Regarding living the part, I am not sure. I can see how Garfield’s study of Catholicism and exploration of ascetic existence might have helped him prepare for the role, and he certainly seems to feel that it did. I’m a believer in doing whatever works, and I think every actor’s process is an individual, personal thing. I suppose I am less convinced by the idea of staying in character on a movie set while you’re not acting. It seems to me that it would be well-nigh impossible to sustain the pretense that you are a 17th century priest while hanging around on a movie set between takes. But again, whatever works.
A couple of interesting things here. First of all, Lacy’s insight that “the funniest thing is the truest thing.” Someone once remarked that “comedy is serious business.” What I take that to mean is that the humor is found through the deepest possible commitment to the given circumstances. By taking the character’s situation to heart as seriously as possible, the actor finds the humor. This recalls for me an earlier post I did on something Michael McKean of Better Call Saul said:
I don’t think that a comedy performance—You know, it’s essentially the same job, no matter what. You find out what your character wants and then you go for it. That’s really how to do anything. They’re just going to write more jokes for you if it’s a comedy.
Finding out what your character wants emerges from the given circumstances, so it all comes back to those.
The other thing is in reference to Lacy talking about
the honesty of someone seeing something they didn’t think they’d see and not knowing what to do and just being like– ahhhhh!
This reminds me of something I read recently in Isaac Butler’s book The Method How the Twentieth Century Learned to Act. Butler was talking about one of Stanislavsky’s associates, Vakhtangov, and the classes he taught in the wake of Stanislavsky’s creation of “the System”. Butler says that Vakhtangov’s classes centered on “focus, relaxation, and naivete”. The mention of naivete caught my eye. Lacy is talking about someone encountering something surprising and being genuinely disarmed by it. This is a challenging thing to achieve, as when we work on a script, we know what is going to happen in the scene. Yet somehow we must be genuinely surprised by surprising developments. I often find myself asking actors to allow themselves to be more surprised by something someone says. and I think this is because the foreknowledge that comes with having read the script is often more difficult to overcome than might be expected. So the actor needs this naivete, this ability to “not know” what is going to happen next. This in turn puts me in mind of the book Zen Mind Beginner’s Mind, or the teachings of Zen Master Seung Sahn of the Kwan Um School of Zen, who taught the importance of cultivating what he called “don’t know” mind. When we “know”, we close ourselves off to the reality of what is happening. The actor needs this ability to “not know” in order to stay truly open to the moment.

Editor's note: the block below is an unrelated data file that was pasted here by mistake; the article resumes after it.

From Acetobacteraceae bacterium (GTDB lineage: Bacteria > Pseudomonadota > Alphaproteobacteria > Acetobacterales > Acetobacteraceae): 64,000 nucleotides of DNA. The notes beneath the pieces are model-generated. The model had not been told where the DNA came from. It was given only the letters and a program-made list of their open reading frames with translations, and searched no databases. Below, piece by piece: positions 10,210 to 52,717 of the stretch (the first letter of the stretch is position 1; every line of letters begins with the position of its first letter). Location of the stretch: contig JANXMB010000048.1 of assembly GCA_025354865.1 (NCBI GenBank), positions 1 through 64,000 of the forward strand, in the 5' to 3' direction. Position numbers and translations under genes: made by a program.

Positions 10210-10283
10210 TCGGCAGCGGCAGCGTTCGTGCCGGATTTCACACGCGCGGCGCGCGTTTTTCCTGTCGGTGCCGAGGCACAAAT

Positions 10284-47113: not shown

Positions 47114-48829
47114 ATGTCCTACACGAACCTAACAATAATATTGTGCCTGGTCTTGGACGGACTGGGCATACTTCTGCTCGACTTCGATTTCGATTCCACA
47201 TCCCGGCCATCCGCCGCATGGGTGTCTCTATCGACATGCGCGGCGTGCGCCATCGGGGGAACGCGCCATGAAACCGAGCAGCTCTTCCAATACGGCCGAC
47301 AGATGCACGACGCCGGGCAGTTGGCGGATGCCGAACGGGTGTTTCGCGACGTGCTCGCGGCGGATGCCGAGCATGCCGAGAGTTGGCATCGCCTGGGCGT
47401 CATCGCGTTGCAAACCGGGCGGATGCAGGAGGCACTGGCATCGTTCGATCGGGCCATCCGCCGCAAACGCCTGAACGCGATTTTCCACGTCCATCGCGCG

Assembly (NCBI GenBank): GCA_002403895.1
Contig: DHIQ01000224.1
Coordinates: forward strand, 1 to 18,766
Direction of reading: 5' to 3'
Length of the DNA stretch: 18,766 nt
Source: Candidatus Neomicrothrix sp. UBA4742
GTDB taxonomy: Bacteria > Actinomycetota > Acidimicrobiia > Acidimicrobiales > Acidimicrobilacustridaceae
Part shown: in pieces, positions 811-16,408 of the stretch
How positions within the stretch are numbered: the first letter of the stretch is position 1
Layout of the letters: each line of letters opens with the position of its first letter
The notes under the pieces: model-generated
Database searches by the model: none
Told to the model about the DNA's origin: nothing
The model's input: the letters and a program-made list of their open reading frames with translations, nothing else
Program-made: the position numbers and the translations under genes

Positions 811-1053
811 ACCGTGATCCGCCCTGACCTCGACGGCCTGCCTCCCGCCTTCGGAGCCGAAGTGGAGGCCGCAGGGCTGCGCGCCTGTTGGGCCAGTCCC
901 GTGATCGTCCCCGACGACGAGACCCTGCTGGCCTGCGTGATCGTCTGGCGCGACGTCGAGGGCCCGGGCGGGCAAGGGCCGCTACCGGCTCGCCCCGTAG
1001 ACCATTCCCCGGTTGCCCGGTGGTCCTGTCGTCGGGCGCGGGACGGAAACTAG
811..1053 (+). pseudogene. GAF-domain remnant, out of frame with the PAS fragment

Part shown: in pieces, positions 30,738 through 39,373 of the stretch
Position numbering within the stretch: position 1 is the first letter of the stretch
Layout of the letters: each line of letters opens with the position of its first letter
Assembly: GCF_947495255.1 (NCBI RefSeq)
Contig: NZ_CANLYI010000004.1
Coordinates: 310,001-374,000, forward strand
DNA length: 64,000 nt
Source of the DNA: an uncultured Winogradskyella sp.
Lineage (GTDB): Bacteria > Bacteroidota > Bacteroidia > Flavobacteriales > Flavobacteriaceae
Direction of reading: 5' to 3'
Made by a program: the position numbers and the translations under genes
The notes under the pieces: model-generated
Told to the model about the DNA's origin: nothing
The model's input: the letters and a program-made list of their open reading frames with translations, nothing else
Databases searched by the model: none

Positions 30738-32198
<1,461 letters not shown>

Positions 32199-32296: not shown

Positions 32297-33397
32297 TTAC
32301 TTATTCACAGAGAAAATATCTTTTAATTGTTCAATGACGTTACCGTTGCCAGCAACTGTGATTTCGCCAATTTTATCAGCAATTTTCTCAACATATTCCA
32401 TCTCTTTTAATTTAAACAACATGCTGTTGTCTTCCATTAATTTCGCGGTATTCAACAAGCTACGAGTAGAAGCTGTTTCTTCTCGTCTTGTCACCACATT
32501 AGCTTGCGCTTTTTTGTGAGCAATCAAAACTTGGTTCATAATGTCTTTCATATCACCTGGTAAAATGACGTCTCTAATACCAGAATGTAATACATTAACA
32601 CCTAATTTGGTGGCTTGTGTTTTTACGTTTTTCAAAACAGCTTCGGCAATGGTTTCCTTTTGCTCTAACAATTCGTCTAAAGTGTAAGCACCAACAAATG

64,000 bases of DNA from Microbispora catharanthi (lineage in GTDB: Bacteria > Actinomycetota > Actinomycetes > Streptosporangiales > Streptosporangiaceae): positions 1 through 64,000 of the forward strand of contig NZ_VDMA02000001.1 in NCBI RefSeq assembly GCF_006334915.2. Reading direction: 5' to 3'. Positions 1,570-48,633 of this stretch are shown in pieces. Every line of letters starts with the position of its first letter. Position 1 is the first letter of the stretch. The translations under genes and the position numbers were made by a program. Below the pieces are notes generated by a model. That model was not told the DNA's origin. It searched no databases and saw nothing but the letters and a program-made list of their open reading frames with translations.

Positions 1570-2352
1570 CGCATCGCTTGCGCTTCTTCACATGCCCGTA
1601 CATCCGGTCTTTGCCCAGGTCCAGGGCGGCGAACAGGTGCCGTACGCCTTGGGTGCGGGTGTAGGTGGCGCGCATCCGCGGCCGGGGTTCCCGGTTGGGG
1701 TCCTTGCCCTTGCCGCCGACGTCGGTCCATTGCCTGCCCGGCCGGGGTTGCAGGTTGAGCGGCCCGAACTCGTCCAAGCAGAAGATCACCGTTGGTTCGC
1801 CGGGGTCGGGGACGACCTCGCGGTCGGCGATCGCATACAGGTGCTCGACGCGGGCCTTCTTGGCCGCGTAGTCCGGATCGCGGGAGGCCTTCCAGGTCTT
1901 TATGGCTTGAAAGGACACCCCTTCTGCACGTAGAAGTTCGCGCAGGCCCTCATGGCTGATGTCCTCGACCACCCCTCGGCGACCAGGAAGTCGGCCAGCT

By Andrew Wood|2023-05-19T14:00:02-07:00August 10th, 2022|Categories: actors on acting|Comments Off on Jake Lacy on how ‘The White Lotus’ reminded him that ‘the funniest thing is the truest thing’
In the approach to acting that I teach, we talk about characters as having a “gaping hole” in themselves, in their psyches. Not just holes, but wide, gaping holes. And these wide, gaping holes amount to a crisis for the character who has them.
We think of there being two types of contributors to the gaping hole. The first is called a gash. It is an episode that occurs at a point in time that robs the character of vital stuff and contributes to the gaping hole. In A Streetcar Named Desire, Blanche DuBois has experienced the loss of the home that has been in her family for generations, Belle Reve. This is a gash for Blanche. It’s a devastating loss that contributes to her gaping hole. The same with the suicide of her husband whom she shamed for being a “degenerate”. This is a gash that widens her gaping hole.